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Red-Cracking Bolete (Xerocomellus spp.)

Good evening, friends,

This mushroom comes to us as a pleasant surprise. Saturday morning we went for a quick walk in the woods to find a few fresh specimens for the mushroom education workshop in Peekskill. Although it had rained the day before, I wasn’t anticipating too much fungal activity because it has been pretty dry the past few weeks. Fortunately, Ciara pointed out this brown capped bolete popping out of the soil just beneath a rotting hemlock. This was the first bolete I’ve seen this year and one we’ll tentatively call the Red-cracking bolete (Xerocomellus spp).


The.red scratches on the top of the cap - maybe from an insect or someone/something trapped in the wood desperately trying to get out - are a helpful identifying characteristic.
The.red scratches on the top of the cap - maybe from an insect or someone/something trapped in the wood desperately trying to get out - are a helpful identifying characteristic.

Fun Facts


The species you’ll often see attributed to the Red-cracking bolete is Xerocomellus chrysenteron, and while that used to be the nomenclature in North America, modern DNA sequencing indicates it’s a European species. Xero- means dry while chrysenteron means “yellow inside”. In eastern North America we have a species that is virtually identical by the naked eye, Xerocomellus truncatus, but reveals truncated spores when observed through a microscope. Unfortunately, I wasn’t able to manipulate this mushroom too much - no ripping, tasting, nor cutting - because it needed to be in good shape for the ID table.


A study out of the Czech Republic (Reference 3) looked at the different elements that are absorbed by the European X. chrysenteron. Interestingly, these mushrooms absorb heavy metals like Silver, Cadmium, and Rubidium - see gang, mushrooms are metal🤘. Even more interestingly, there was a difference of where these metals concentrate within the mushroom. Silver, Arsenic, Cadmium, Copper, and Sulphur accumulate in the “apical parts” - the cap and tubes - more-so than the stipe and base.


Red-Cracking Bolete (Xerocomellus spp.)
Red-Cracking Bolete (Xerocomellus spp.)

If you rip the cap of a Xerocomus or Xerocomellus mushroom in half, the tubes of the mushroom will actually rip lengthwise as well. Typically, if you were to rip the cap of any other bolete, the walls of the individual tubes would remain in tact while the tubes were separated from each other. The difference in structural integrity is due to the different compositions of the hyphae (filamentous strands, the body of the fungus) in the mushrooms.


When you see the temperatures forecasted for the rest of the week.
When you see the temperatures forecasted for the rest of the week.

Ecology


Xerocomellus are ectomycorrhizal with hardwood trees. This means the fungi wrap around the root tips of the trees and establish a relationship where the tree will give up to 40% of sugars produced through photosynthesis to the fungi in exchange for nutrients and water the fungi sources from the soil. The mushrooms pop up late spring through fall in eastern North America, and these are fairly common mushrooms that will grow individually or in clusters.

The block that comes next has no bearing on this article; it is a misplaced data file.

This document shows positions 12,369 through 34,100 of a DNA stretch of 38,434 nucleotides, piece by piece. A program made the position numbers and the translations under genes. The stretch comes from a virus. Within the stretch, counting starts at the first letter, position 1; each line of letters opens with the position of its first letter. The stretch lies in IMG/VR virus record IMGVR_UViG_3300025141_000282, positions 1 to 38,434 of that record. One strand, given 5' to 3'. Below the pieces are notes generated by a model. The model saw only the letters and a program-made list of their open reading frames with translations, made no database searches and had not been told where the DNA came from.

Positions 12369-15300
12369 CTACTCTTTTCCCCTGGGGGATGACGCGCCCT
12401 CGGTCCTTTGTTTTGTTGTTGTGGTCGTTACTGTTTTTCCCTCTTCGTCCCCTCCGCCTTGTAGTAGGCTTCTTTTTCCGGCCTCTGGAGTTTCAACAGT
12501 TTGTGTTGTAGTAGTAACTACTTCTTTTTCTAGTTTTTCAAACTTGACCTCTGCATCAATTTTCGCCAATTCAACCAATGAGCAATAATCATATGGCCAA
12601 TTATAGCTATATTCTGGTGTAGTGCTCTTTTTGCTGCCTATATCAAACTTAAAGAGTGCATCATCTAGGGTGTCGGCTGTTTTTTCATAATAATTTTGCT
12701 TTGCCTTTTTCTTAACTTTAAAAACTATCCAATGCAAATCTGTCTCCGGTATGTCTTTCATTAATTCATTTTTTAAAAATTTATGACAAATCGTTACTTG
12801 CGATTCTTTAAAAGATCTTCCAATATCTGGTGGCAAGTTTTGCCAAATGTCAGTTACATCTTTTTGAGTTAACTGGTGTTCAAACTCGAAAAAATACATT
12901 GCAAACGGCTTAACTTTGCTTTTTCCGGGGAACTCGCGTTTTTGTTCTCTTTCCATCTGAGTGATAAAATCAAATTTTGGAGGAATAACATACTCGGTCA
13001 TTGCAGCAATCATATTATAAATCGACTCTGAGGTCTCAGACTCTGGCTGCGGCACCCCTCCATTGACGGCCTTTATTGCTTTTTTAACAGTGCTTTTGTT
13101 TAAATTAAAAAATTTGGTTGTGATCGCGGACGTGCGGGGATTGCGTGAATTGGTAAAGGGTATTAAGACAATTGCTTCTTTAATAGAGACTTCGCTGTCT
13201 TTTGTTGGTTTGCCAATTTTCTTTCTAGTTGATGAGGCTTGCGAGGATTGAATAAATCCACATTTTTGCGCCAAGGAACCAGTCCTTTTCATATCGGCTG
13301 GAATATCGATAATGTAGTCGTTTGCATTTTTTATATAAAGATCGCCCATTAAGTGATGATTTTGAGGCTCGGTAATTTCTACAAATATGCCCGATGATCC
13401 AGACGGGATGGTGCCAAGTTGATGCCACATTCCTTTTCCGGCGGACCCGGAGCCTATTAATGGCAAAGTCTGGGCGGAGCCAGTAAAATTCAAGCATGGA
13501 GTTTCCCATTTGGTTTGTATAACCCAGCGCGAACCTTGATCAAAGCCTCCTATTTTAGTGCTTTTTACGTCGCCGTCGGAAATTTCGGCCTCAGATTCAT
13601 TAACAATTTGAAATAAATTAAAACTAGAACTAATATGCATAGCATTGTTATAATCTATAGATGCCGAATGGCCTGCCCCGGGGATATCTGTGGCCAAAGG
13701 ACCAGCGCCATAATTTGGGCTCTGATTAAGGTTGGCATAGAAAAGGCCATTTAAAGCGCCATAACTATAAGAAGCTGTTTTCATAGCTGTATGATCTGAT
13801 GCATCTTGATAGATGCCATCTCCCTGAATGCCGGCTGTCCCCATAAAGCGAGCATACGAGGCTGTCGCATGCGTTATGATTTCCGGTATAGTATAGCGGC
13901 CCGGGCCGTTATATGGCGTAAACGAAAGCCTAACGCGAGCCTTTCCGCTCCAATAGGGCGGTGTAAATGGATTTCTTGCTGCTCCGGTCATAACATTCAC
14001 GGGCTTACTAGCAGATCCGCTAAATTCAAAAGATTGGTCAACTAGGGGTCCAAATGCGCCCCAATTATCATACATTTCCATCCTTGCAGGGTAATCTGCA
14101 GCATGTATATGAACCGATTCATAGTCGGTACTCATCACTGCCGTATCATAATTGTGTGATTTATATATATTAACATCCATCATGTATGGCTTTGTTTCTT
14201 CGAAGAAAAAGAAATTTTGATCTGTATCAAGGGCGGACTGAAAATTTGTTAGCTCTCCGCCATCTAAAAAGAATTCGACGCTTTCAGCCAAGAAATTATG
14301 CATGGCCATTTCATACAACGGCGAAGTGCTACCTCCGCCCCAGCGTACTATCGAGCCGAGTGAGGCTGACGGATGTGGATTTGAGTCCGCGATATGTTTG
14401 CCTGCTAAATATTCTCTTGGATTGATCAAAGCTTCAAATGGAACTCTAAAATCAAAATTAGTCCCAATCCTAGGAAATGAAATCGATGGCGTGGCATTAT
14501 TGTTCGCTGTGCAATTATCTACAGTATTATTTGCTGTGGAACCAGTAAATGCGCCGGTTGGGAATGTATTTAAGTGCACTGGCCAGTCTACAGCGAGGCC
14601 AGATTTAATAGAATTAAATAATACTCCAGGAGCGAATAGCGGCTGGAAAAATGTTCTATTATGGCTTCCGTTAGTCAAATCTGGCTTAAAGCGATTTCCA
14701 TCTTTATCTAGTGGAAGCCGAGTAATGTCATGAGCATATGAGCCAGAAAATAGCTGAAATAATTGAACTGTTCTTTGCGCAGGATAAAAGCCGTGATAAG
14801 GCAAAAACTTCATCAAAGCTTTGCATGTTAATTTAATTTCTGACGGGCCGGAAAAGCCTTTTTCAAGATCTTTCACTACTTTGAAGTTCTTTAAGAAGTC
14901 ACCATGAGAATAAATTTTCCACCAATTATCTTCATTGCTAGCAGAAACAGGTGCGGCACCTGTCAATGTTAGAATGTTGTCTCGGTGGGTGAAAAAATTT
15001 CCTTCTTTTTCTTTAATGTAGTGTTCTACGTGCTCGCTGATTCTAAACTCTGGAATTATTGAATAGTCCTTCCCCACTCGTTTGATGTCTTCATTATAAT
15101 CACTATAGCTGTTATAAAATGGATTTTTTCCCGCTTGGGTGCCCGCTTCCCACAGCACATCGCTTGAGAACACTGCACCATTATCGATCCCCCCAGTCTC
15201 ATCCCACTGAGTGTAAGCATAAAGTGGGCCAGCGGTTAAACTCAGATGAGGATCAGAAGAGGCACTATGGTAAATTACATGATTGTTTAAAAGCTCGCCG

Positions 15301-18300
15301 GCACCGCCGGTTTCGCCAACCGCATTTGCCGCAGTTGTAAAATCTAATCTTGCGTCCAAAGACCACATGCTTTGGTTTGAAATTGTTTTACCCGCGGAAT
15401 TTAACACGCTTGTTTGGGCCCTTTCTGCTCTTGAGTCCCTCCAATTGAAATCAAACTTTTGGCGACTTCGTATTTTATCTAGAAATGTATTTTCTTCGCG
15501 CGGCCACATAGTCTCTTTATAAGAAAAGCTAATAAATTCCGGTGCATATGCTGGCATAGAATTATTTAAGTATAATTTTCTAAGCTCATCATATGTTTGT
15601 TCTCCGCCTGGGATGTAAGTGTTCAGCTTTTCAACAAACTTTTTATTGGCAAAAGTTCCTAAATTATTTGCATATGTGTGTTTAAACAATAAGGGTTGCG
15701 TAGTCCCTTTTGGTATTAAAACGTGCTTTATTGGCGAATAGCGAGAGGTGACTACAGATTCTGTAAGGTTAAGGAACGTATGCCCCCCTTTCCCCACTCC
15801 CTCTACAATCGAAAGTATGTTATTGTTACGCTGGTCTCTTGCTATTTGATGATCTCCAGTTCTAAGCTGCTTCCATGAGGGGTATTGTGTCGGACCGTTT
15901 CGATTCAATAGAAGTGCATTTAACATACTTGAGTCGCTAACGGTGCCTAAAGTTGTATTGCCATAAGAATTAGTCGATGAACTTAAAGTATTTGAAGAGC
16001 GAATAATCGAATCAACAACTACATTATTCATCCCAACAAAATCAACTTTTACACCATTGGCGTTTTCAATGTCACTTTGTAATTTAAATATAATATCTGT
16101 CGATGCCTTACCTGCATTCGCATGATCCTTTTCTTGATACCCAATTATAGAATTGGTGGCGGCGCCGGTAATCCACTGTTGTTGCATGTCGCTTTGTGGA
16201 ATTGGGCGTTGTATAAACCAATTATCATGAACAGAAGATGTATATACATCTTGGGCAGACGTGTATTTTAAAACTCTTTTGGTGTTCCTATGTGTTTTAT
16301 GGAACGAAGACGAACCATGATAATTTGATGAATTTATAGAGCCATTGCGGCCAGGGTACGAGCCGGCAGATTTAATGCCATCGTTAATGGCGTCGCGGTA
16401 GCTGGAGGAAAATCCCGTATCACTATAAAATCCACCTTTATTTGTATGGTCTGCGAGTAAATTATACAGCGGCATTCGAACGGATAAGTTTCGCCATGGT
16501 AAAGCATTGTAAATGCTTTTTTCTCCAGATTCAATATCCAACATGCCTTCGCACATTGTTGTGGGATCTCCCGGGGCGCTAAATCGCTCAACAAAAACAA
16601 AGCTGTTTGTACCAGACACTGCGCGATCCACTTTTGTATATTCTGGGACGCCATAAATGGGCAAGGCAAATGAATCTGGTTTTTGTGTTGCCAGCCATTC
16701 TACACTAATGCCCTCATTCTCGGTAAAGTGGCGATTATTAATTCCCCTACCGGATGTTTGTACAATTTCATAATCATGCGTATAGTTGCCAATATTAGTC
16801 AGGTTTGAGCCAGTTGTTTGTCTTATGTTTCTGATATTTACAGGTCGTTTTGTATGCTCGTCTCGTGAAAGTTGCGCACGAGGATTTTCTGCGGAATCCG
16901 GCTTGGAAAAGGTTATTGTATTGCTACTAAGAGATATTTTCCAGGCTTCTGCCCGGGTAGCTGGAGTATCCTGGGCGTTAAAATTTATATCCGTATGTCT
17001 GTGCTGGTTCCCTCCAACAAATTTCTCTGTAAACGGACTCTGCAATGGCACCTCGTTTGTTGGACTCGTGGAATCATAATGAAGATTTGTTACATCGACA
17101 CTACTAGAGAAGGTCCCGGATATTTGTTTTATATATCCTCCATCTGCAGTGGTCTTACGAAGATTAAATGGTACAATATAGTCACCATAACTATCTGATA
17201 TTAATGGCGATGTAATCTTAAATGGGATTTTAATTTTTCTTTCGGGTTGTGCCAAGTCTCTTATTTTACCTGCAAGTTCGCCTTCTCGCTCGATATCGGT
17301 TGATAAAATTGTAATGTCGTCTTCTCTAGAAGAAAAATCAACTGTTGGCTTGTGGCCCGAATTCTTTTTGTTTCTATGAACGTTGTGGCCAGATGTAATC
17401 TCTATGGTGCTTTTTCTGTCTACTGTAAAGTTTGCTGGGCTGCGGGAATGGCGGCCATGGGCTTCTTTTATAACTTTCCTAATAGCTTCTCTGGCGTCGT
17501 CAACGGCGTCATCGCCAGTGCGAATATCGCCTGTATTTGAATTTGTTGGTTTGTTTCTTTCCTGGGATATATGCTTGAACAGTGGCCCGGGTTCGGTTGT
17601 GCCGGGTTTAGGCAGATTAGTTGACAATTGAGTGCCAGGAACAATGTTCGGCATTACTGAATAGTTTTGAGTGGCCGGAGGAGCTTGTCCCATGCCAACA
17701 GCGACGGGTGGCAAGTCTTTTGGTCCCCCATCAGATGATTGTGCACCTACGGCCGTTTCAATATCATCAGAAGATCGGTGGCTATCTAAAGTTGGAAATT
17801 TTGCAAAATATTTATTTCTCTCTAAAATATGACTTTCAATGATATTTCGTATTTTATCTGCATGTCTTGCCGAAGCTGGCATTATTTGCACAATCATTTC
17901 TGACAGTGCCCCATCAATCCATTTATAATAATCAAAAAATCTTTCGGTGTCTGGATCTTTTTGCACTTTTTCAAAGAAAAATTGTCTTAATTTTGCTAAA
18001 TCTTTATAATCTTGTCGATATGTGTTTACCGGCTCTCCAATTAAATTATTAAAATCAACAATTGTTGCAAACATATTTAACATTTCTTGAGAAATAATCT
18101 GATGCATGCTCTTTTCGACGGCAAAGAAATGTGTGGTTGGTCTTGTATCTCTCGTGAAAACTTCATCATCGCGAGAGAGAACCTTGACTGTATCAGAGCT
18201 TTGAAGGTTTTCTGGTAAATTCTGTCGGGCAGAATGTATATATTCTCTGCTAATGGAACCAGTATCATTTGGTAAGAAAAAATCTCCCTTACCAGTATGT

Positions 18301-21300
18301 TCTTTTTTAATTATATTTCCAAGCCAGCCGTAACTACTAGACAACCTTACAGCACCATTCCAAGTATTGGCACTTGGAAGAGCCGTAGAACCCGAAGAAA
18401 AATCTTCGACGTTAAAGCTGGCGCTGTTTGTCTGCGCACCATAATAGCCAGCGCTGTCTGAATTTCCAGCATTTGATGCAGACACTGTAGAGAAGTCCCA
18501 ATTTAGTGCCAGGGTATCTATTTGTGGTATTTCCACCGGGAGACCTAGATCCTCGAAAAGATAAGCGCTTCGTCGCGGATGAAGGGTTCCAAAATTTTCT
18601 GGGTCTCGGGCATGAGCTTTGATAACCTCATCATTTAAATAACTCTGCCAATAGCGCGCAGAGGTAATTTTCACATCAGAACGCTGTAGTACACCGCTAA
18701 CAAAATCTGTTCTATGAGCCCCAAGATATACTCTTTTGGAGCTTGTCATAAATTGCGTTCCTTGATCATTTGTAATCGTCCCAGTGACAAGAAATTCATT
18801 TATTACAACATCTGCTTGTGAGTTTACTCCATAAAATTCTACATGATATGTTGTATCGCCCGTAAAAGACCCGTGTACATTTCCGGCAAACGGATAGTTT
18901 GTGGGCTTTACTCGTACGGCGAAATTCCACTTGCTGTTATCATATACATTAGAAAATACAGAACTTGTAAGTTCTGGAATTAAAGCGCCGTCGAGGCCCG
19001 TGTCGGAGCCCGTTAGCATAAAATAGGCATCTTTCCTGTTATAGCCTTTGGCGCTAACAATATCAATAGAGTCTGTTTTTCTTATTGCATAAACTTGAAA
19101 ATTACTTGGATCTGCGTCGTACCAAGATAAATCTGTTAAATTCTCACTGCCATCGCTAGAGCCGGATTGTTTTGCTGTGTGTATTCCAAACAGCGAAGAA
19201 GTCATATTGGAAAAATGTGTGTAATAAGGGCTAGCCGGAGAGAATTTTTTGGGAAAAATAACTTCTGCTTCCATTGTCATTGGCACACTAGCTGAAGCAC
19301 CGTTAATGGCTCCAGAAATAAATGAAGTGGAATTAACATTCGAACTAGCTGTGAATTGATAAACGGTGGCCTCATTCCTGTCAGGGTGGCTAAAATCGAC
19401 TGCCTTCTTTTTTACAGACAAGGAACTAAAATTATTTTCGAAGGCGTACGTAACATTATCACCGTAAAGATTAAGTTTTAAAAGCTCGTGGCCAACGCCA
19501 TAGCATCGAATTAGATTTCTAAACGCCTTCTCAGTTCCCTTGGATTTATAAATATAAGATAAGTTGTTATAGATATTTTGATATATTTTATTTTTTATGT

Another study from Europe, this time out of Belgium, looked at ectomycorrhizal turnover in growing European beech trees. Xerocomellus (along with Lactarius, Laccaria, and Scleroderma) appear to be important in helping seedlings establish. Xerocomellus was also found more abundantly in young forests adjacent to older forests which suggests they readily colonize young trees and will form long-lived relationships. The study concluded that a tree will partner with different fungi at different stages of life - from seed to sapling to mature tree - based upon their needs at the time. There’s so much more going on in the soil than we know.


The blue bruising on the pore surface is seen in many boletes across many different genera.
The blue bruising on the pore surface is seen in many boletes across many different genera.

Solstice on Thursday and full moon on Friday,

Aubrey


References

  1. Kuo, M. (2024, March). Xerocomellus "chrysenteron". Retrieved from the MushroomExpert.Com Web site: http://www.mushroomexpert.com/xerocomellus_chrysenteron.html

  2. Bessette, Arleen, et al. Boletes of Eastern North America. Syracuse University Press, 2017. Pages 414-417

  3. Andronikov AV, Andronikova IE, Sebek O, Martinkova E, Stepanova M. Accumulation and within-mushroom distribution of elements in red cracking bolete (Xerocomellus chrysenteron) collected over the extended period from compositionally contrasting substrates. Environ Monit Assess. 2023 Sep 6;195(10):1157. doi: 10.1007/s10661-023-11786-6. PMID: 37673806; PMCID: PMC10482781.

  4. https://www.inaturalist.org/taxa/416305-Xerocomellus

  5. Boeraeve M, Everts T, Vandekerkhove K, De Keersmaeker L, Van de Kerckhove P, Jacquemyn H. Partner turnover and changes in ectomycorrhizal fungal communities during the early life stages of European beech (Fagus sylvatica L.). Mycorrhiza. 2021 Jan;31(1):43-53. doi: 10.1007/s00572-020-00998-0. Epub 2020 Nov 2. PMID: 33140217.

  6. https://www.first-nature.com/fungi/xerocomellus-chrysenteron.php

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